Six Scientists with UT Involved in Effort to Assess 1 Billion Years of Plant Evolution

NATURE Cover 31 Oct  2019 PressPage

Six UT scientists are among the co-authors of a 9-year study published in Nature that explores the evolution of the world's green plants. Photo by A. Petlewski, Cornell University, courtesy Nature magazine. Download image.

KNOXVILLE, Tenn. — A new study published in Nature traces the genetic histories of the last billion years of plant life on Earth. Yes, that’s billion with a “b.”

Nicknamed 1KP, the One Thousand Plant Transcriptomes Initiative involves a global collaboration of scientists who are examining the diversification of plant species, genes and genomes across the 1-billion-year history of green plants. Led by Gane Ka-Shu Wong, professor in the University of Alberta’s Department of Biological Sciences, and James Leebens-Mack, professor of plant biology in the University of Georgia Franklin College of Arts and Sciences, the 9-year effort has involved more than 200 researchers internationally. Two of them are established scientists from the University of Tennessee, and four more of the co-authors participated on the project while pursuing graduate degrees at UT. The faculty members are C. Neal Stewart, Jr., and Ed Schilling. 

Stewart is a professor of plant sciences in the UT Herbert College of Agriculture. He also holds the endowed Racheff Chair of Excellence in Plant Molecular Genetics and is co-director of the UT Center for Agricultural Synthetic Biology within the UT Institute of Agriculture. Using his lab, Stewart and several graduate students and scientists with post-doctoral appointments helped identify plants to grow for the project from which RNA from expressed genes could be isolated for sequencing.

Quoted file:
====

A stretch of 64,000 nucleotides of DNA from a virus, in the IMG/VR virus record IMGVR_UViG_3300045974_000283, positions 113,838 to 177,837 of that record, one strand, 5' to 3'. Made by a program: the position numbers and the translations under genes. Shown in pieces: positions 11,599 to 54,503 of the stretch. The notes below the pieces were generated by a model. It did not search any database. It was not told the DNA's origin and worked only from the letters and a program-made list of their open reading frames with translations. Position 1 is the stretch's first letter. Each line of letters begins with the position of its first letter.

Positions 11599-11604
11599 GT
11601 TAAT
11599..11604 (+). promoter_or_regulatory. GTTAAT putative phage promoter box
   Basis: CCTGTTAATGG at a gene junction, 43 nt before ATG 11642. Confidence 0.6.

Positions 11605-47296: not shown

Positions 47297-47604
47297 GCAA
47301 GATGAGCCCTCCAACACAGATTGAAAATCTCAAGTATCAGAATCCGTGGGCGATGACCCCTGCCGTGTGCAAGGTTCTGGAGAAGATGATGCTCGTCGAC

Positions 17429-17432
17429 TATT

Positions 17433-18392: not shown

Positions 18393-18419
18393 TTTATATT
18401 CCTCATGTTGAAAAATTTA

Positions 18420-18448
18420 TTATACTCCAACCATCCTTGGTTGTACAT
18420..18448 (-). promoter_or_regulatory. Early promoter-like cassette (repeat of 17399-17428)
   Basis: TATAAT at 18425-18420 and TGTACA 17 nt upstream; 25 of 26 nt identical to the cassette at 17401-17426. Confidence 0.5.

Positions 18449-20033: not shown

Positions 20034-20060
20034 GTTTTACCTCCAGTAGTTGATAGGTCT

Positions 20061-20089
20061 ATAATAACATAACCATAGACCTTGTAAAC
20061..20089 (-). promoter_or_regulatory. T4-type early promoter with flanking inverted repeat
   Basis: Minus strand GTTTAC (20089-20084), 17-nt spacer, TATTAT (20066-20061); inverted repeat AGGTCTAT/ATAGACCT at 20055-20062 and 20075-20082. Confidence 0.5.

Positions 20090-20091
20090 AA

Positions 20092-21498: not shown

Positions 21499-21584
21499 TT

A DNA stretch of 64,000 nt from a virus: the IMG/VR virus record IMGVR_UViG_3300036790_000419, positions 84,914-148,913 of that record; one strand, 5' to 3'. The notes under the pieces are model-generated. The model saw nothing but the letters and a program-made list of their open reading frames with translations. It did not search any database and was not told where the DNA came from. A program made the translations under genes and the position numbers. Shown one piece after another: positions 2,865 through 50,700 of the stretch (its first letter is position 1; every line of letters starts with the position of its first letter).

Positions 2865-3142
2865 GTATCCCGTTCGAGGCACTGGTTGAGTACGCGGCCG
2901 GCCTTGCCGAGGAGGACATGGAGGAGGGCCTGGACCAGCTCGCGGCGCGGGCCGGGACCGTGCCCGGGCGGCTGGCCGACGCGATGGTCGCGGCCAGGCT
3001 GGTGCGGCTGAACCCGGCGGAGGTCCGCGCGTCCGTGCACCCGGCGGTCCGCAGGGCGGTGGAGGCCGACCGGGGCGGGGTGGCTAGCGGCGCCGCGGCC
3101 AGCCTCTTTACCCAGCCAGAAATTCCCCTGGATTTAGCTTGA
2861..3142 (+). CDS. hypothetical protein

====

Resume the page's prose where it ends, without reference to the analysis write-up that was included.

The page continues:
The group identified approximately 50 different species for the 1KP effort, then performed several studies that have already been published. “Essentially, all four people from my group who are authors in the Nature paper took responsibility for nominating, growing and performing research with their favorite ‘weird plants,’” said Stewart. 

“We targeted flammable plants, plants that can move their leaves, plants that can accumulate heavy metals and plants with antimicrobial properties, to name a few categories,” Stewart explained.

The UTIA co-authors include Jason Burris, who was a Ph.D. student during the 1KP effort and who now holds a post-doctoral appointment in the UTIA Department of Food Science. Burris continues to work with Stewart on DARPA-funded projects. Additional co-authors from Stewart’s lab are former Ph.D. students Blake Joyce, who is now a scientist at the University of Arizona; Kellie Burris, who currently holds a post-doctoral appointment at North Carolina State University; and Yanhui Peng, who is now a staff scientist at the Centers for Disease Control and Prevention in Atlanta.  

The second UT faculty co-author on the 1KP project, Ed Schilling, is a professor of plant systematics in the Department of Ecology and Evolutionary Biology. Schilling is involved in collaborative research with a group in Germany to study the evolution of wild lettuce, and information produced in the 1KP project is helping their ongoing efforts to understand the relationship between species in North America and Europe/Asia in this complex group of plants.

The paper, “One Thousand Plant Transcriptomes and the Phylogenomics of Green Plants,” was published online October 23 in Nature, and is featured on the cover of the October 31 issue. Sequences, sequence alignments and tree data are available through the CyVerse Data Commons

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Patricia McDaniels, UTIA Marketing and Communications, 615-835-4570,